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8th Emperor of the Roman Empire
Pseudo-Vitellius Louvre MR684.jpg
Pseudo-bust of Emperor Vitellius, Louvre
Reign 16 April 69 – 22 December 69
(8 months)
Full name Aulus Vitellius (from birth to accession)
Aulus Vitellius Germanicus Augustus (as emperor)
Born (15-09-24)24 September 15
Died 22 December 69(69-12-22) (aged 54)
Place of death Rome
Predecessor Otho
Successor Vespasian
Consort to Galeria Fundania
Dynasty None
Father Lucius Vitellius
Mother Sextilia
Roman imperial dynasties
Year of the Four Emperors
Galba 68–69
Otho 69
Vitellius 69
Vespasian 69–79
Preceded by
Julio-Claudian dynasty
Followed by
Flavian dynasty

Vitellius (Latin: Aulus Vitellius Germanicus Augustus;[1] 24 September 15 – 22 December 69) was Roman Emperor for eight months, from 16 April to 22 December 69. Vitellius was proclaimed emperor following the quick succession of the previous emperors Galba and Otho, in a year of civil war known as the Year of the Four Emperors.

Vitellius was the first to add the honorific cognomen Germanicus to his name instead of Caesar upon his accession; the latter name had fallen into disrepute in many quarters because of the actions of Nero.

His claim to the throne was soon challenged by legions stationed in the eastern provinces, who proclaimed their commander Vespasian emperor instead. War ensued, leading to a crushing defeat for Vitellius at the Second Battle of Bedriacum in northern Italy. Once he realised his support was wavering, Vitellius prepared to abdicate in favor of Vespasian, but was executed in Rome by Vespasian's soldiers on 22 December 69.


He was the son of Lucius Vitellius Veteris and his wife Sextilia, and had one brother, Lucius Vitellius the Younger. Suetonius recorded two different accounts of the origins of the Vitellius (gens), one making them descendants of past rulers of Latium, the other describing them as of lowly origins.[2]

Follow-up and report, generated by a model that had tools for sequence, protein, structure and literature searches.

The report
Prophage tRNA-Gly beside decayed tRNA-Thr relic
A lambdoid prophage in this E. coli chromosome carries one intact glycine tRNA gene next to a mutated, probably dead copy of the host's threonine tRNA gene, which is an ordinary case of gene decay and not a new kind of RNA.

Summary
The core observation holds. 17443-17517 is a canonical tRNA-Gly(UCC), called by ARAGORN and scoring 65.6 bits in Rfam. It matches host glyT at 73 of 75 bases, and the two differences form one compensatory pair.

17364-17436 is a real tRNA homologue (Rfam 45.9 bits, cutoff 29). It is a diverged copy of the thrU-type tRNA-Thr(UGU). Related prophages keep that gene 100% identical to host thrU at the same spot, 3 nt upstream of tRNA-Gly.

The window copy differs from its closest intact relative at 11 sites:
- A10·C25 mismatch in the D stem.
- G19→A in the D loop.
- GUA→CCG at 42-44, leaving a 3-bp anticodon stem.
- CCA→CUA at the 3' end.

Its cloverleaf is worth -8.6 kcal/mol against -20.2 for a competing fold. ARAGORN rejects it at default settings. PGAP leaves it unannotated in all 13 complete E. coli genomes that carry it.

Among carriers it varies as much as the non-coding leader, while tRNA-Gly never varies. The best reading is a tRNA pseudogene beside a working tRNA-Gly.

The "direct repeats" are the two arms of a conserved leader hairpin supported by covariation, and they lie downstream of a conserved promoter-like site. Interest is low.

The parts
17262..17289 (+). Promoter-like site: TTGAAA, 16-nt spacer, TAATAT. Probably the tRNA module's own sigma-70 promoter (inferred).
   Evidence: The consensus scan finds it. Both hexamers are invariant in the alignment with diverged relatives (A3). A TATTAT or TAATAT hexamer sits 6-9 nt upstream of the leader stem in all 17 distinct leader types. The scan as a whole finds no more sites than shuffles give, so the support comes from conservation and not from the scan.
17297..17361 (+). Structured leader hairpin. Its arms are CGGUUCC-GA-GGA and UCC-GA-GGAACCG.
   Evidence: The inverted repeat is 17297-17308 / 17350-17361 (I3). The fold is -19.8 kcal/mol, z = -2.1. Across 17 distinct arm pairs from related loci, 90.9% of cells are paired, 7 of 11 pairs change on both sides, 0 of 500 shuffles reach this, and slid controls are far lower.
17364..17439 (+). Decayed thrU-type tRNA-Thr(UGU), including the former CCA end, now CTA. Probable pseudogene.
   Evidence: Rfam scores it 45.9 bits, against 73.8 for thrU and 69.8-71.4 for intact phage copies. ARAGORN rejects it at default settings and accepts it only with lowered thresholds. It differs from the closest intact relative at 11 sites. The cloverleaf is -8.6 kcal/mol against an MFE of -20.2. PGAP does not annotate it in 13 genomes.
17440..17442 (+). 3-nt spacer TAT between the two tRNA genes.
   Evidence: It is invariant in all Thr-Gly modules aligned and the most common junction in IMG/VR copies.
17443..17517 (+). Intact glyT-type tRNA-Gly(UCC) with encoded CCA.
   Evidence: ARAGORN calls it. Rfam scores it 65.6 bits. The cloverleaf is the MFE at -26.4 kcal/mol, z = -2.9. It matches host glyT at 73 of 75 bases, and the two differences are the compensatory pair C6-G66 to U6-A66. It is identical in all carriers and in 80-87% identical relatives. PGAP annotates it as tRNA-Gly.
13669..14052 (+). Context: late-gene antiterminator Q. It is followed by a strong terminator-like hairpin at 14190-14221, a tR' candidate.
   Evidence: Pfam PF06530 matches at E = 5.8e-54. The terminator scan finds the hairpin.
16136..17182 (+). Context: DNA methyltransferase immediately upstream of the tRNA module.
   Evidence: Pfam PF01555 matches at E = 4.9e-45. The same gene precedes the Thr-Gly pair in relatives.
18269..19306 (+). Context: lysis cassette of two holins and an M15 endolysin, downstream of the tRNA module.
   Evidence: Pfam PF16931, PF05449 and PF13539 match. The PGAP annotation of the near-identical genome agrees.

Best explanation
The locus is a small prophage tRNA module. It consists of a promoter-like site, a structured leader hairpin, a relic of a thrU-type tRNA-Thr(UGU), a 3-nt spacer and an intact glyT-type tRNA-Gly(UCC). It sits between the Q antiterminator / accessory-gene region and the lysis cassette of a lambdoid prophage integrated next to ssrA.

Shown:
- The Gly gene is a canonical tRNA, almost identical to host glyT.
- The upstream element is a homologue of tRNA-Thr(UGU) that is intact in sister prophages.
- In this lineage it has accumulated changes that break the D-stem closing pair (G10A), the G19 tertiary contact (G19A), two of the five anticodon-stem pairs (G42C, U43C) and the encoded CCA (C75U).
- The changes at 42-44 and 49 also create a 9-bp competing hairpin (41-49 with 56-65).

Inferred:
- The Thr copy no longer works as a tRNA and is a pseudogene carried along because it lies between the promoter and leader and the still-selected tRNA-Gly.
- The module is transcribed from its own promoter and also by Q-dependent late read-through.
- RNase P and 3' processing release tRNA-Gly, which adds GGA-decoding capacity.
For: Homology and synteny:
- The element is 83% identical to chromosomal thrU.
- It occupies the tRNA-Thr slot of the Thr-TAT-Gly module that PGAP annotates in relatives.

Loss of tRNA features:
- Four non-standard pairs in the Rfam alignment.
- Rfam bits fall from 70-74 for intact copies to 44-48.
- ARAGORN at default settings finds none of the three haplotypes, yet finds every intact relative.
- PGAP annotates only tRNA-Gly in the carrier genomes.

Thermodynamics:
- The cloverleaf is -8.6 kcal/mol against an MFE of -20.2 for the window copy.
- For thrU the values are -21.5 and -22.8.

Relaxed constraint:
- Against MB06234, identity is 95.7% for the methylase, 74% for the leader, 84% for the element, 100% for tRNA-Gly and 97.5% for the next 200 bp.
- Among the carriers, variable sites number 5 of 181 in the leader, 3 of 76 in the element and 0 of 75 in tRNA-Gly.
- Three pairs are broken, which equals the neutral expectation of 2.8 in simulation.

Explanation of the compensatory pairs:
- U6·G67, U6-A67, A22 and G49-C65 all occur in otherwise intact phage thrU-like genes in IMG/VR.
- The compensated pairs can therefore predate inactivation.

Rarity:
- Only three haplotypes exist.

Suetonius makes the sensible remark that both accounts might have been made by either flatterers or enemies of Vitellius—except that both were in circulation before Vitellius became emperor.[2] Suetonius also recorded that when Vitellius was born his horoscope so horrified his parents that his father tried to prevent Aulus from becoming a consul.[3]

He married firstly before the year 40 a woman named Petronia, daughter of Publius or Gaius Petronius Pontius Nigrinus, by whom he had a son Aulus Vitellius Petronianus, the universal heir of his mother and grandfather.

He married secondly, around the year 50, a woman named Galeria Fundana (ca 40 – aft. 69), perhaps the granddaughter of Gaius Galerius (ca 15 BC – aft. 23), Praefectus Aeg. in 23. They had two children, a son called Germanicus and a daughter whose name is Vitellia (b. ca 55) who married the Legatus Decimus Valerius Asiaticus.

Public service[edit]

Political and military career[edit]

He was Consul in 48, and assumed Proconsul of Africa in either 60 or 61, in which capacity he is said to have acquitted himself with credit. At the end of 68, Galba, to the general astonishment, selected him to command the army of Germania Inferior, and here Vitellius made himself popular with his subalterns and with the soldiers by outrageous prodigality and excessive good nature, which soon proved fatal to order and discipline.

Bid for power[edit]

He owed his elevation to the throne to Caecina and Fabius Valens, commanders of two legions on the Rhine. Through these two men a military revolution was speedily accomplished; they refused to renew their vows of allegiance to Emperor Galba on 1 January 69, and early in 69 Vitellius was proclaimed emperor at Cologne. More accurately, he was proclaimed Emperor of the armies of Germania Inferior and Superior. The armies of Gaul, Brittania and Raetia sided with them shortly afterwards. By the time that they marched on Rome, however, it was Otho, and not Galba, whom they had to confront.

In fact, he was never acknowledged as Emperor by the entire Roman world, though at Rome the Senate accepted him and decreed to him the usual Imperial honours. He advanced into Italy at the head of a licentious and rough soldiery, and Rome became the scene of riot and massacre, gladiatorial shows and extravagant feasting. To reward his victorious legionaries, Vitellius disbanded the existing Praetorian Guard and installed his own men instead.